Well, we know that MLB doesn’t recognize mix-n’-match hit totals so in the little rouge rubber tip atop the pencilneck Ichiro’s remarkable feat of achieving 4257 hits between his Japanese and American careers will always be an ignis fatuuous. Yours truly, on the other hand, figgers that anyone with Ichiro’s amazing record of two batting titles and a buncha gold gloves, supra-200 hit seasons and lifetime .314 BA (compared to Pete Roses’ .303) would be where he is now if he’d spent his entire career on this side of the San Andreas Fault anyway. So, anata wa watashi no hi-ro- yo, big guy.
For the rest of us, we’re doomed to remain in awe of The Weezard as he keeps on chugging along like the Eveready Bunny in heat. Ichiro squibbed what he called “a five footer” orf Pads starter Luis Perdomo leading orf the first. Catcher Derek Norris scrambled for the ball, tripped over his beard and fell on his ass while throwing slightly wide to first baseman Will Myers, allowing the Weezard to reach first. The San Diego fans applauded enthusiastically, though whether for Norris’ Chaplin routine or Ichiro’s preternatural speed for a 42-year-old is hard to say.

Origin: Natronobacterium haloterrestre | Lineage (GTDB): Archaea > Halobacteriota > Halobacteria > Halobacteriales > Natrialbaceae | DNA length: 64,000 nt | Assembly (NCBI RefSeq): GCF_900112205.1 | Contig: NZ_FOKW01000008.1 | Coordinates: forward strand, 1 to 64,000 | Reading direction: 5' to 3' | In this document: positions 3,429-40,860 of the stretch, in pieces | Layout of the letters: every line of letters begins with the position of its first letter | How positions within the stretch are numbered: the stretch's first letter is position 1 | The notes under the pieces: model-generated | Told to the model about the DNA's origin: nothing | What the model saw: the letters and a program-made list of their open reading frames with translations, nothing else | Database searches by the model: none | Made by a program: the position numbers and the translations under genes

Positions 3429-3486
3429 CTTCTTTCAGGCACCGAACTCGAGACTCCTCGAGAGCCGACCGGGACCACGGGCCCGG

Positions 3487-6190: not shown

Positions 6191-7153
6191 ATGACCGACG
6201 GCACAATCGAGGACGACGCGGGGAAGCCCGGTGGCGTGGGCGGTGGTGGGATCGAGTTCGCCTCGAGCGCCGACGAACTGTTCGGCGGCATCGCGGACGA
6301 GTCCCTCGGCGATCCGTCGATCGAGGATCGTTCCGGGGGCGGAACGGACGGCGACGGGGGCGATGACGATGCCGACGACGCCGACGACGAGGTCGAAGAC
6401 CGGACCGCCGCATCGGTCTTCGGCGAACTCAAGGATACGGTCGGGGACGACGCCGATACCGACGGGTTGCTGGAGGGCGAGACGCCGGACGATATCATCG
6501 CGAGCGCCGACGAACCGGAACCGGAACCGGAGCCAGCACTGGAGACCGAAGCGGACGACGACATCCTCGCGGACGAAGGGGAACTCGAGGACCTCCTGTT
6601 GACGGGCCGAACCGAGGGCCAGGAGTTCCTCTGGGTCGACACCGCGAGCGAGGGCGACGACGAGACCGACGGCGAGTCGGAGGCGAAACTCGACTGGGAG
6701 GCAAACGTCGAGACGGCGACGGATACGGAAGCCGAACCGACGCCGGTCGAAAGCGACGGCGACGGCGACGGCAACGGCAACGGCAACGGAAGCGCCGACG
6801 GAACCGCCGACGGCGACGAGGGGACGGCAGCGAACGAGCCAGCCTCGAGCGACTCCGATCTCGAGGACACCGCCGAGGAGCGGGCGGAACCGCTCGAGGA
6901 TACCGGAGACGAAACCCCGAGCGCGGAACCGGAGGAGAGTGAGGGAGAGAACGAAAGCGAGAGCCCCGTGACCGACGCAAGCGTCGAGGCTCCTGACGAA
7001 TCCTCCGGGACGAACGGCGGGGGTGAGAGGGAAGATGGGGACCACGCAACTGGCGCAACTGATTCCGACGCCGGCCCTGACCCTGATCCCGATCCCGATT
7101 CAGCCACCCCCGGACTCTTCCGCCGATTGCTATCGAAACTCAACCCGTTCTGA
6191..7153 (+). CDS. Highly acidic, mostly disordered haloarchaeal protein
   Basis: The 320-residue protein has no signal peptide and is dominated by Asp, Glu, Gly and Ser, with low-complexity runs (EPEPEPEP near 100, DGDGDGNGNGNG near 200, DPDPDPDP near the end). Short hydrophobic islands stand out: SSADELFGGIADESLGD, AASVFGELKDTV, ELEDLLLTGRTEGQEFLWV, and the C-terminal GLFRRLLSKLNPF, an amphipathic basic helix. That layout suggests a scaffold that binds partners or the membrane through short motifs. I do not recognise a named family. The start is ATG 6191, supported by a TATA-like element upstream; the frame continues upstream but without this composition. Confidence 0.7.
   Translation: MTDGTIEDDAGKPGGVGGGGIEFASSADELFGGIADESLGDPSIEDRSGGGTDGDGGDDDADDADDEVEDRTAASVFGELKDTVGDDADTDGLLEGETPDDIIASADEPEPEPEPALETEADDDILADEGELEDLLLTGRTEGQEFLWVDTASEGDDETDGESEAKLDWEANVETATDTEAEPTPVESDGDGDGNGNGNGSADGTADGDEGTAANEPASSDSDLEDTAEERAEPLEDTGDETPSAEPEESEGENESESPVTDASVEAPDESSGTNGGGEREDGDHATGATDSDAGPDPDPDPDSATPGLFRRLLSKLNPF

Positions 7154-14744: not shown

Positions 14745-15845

The record-breaking hit that shook the foundations of civilization and tilted the Earth orf its axis came on a crisp line double orf reliever Fernando Rodney. Somewhere near Las Vegas (in spirit if not in geographical fact), the ever-gracious Pete Rose seethed and made snide comments about Japanese baseball, going so far as to suggest that if elected president he would impose a temporarily permanent moratorium on Japanese ballplayers immigrating to MLB, especially Shinto and Buddhist ones. “We can’t have them threatening our most hallowed records,” he mumbled.
Then he noted “Hic! Urrrpppp!”
Incidentally, the Feesh lost, 6-3. Let’s see if the front orifice hasn’t figured out that Justin Nicolino isn’t ready for prime time yet.